Think of opening an email like opening your front door. If I opened the front door and was bombarded with some of the offensive emails I receive, I would probably call the police.

Be careful with the emails you send out, both to protect your own reputation as well as to respect the person receiving it. This is especially true when you are emailing from a business account or for work. Again, once it’s been sent you can’t take it back.

7. Put a good subject line

The subject line is the first thing the person sees (aside from who the sender is) and will often help determine if and how fast the person opens the email. Using a good subject line also makes it easier for someone to find it again later.

8. Attachments

Don’t send attachments unless you can’t help it. Sending something as an attachment dramatically lowers the probability that a person will ever open it and see the content. Instead, copy and paste the attachment into the body of the email.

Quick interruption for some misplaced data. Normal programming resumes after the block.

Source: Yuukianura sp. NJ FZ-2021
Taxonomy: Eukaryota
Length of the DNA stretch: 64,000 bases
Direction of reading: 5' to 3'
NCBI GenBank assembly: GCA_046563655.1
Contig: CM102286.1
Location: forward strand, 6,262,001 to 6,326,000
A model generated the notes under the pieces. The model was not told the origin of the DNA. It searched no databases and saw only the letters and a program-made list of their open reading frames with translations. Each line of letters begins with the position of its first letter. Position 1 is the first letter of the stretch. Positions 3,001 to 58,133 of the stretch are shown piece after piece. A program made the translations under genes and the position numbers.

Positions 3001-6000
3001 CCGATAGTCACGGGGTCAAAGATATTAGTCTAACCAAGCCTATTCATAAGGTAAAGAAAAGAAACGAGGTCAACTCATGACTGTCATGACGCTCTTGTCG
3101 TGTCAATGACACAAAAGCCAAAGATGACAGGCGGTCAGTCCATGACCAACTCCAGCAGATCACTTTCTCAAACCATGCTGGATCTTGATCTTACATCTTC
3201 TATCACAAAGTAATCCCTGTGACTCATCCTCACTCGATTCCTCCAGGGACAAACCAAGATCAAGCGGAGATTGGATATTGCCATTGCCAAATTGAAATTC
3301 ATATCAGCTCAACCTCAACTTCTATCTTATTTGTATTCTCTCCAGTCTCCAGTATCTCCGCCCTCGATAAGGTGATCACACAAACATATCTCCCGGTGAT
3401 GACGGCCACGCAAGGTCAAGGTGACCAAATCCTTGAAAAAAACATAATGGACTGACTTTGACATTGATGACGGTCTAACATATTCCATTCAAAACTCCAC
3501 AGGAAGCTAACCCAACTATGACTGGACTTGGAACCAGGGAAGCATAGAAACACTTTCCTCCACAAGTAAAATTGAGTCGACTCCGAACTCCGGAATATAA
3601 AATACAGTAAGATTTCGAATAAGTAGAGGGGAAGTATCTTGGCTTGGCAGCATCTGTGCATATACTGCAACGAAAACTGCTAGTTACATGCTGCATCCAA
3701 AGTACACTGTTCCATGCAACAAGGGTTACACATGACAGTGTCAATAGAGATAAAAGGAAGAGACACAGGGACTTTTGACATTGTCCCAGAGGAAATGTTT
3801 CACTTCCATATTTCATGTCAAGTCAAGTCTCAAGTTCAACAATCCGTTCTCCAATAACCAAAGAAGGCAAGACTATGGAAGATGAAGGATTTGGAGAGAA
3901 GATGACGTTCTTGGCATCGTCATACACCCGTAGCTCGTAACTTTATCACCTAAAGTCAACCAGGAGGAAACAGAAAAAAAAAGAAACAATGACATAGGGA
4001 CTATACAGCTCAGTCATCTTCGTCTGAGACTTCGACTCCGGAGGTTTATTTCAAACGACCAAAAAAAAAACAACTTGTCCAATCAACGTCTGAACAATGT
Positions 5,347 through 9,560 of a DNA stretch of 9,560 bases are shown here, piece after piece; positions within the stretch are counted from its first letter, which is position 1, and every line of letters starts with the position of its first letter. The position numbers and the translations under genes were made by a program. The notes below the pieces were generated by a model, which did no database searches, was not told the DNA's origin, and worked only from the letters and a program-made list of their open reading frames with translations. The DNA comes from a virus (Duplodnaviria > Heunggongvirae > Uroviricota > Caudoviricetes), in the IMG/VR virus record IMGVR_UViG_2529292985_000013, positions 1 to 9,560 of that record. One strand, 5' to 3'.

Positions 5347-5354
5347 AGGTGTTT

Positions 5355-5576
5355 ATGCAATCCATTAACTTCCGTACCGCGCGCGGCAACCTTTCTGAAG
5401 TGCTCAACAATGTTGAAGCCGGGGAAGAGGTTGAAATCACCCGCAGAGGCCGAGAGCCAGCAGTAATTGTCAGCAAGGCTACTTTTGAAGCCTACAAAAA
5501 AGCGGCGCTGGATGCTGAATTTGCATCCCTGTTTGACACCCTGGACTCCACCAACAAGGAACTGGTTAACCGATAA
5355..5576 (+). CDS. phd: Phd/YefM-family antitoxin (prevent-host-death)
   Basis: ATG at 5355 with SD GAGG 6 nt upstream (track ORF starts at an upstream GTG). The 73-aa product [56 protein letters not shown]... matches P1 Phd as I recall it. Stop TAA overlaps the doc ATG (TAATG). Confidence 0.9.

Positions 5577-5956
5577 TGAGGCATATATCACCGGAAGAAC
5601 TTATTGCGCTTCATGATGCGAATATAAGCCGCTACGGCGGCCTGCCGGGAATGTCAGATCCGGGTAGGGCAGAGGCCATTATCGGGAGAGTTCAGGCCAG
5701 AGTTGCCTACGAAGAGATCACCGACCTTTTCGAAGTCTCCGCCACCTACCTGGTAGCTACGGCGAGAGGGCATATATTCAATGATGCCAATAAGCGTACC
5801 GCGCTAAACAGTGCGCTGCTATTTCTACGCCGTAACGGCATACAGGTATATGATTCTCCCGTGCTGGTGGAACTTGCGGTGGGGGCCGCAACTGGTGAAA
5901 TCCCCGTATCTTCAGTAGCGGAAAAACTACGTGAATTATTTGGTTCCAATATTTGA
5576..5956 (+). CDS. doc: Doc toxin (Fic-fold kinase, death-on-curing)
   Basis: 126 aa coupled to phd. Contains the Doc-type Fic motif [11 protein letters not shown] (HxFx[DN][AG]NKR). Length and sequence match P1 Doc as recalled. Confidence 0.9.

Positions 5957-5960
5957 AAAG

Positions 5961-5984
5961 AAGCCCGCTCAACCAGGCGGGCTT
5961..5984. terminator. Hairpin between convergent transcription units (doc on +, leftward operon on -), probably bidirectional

If you do need to send an attachment and you know that the person is okay with receiving it, make sure you zip big attachments.

9. Don’t use cap letters

It sounds ANGRY and RUDE.

10. Keep it short

If you can say something in one line instead of three, do it. Email takes precious time to read. Respect the other person’s time.

11. Check that you’re not forwarding a hoax

I should probably first say that, in general, do not send jokes, chain letters or group mails. When you do, make sure that it’s something worthwhile and that the people receiving it would  be happy to read it and willing to make the time to read it.

Sometimes we forward things that we think are important but are really hoaxes. Use Snopes or similar services to check whether the email you are sending contains factual information.

12. Don’t email when you are angry

When we’re angry, we often say things we later regret. If you are angry and feel you have to send an email, write it but don’t send it. Sleep on it and reread it the next day. Chances are you will either end up not sending it at all or you will drastically tone down the email.